Tribal Affiliation: Navajo
Kee is Hopi and Navajo… he draws upon these two Southwest Native American cultures to create his designs.
Kee Yazzie, Jr. brings much life experience to his jewelry making, which in turn, gives his jewelry a special depth. Kee went to school in Provo, Utah where he studied architectural and drafting design – skills that most likely carried over into Kee’s present day jewelry design. At Brigham Young University, Kee Yazzie studied linguistics until he became fluent in Thai and Laotian, a tool that he used intensively for two years in Boston, Massachusetts and Providence, Rhode Island, where he served as a missionary for the Church of Jesus Christ of Latter-day Saints.
After returning from his mission work, Kee became interested in jewelry making, for he had long admired the work of American Indian artists like Norbert Peshlakai and Mike Bird-Romero. Fortunately, Kee was able to learn from his friend, Ray Scott, an artist who Kee Yazzie worked with for a year. Much of Kee’s metalsmithing talent was, however, developed by trial and error and watching his artist friend’s work. Kee’s own father was a silversmith too; maybe he inherited some jewelry artist genes. Kee considers 1995, when he had finally acquired his own jewelry-making tools, to be the true launch of himself as an artist.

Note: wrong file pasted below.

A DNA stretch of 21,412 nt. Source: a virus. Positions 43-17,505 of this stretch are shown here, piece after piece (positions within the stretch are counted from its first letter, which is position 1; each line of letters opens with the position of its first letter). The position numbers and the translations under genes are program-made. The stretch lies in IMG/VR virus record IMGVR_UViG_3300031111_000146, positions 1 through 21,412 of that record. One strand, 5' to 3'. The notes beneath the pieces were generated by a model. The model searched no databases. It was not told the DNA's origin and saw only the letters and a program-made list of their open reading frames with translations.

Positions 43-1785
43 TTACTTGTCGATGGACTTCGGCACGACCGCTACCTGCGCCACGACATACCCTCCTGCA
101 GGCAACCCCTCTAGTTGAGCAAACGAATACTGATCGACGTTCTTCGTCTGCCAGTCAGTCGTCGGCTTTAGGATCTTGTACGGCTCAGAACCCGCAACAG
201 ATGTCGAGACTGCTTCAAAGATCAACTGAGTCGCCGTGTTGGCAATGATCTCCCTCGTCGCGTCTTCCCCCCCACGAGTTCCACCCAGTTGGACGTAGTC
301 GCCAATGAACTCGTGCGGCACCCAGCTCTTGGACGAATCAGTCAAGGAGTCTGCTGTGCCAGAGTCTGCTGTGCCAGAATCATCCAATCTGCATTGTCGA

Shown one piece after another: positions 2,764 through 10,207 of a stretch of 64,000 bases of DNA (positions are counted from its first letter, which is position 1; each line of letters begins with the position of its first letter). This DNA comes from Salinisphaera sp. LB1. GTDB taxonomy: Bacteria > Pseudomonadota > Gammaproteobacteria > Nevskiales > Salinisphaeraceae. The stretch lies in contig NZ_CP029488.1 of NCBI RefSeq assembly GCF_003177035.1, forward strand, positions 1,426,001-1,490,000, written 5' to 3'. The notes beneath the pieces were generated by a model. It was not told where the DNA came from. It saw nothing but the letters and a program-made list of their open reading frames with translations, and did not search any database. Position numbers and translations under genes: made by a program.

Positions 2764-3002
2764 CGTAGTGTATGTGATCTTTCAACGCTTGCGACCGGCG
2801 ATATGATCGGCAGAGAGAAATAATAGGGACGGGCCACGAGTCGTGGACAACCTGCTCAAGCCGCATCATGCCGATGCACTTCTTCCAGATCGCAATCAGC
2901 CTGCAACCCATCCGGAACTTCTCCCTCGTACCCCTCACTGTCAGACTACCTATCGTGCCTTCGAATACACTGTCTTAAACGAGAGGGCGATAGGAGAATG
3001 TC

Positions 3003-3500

“When I returned from school in 1992, I had the desire to learn metalsmithing and, by luck, my friend Ray Scott offered me a job.” Three years later, Kee won his first award in a juried competition, and is now recognized as one of the most accomplished overlay craftsmen, sometimes incorporating one hundred symbols within a bracelet or pendent. Each intricately hand-cut piece becomes part of a seemingly never-ending mural in silver.
“Mostly, I try to create something that people will like to wear.”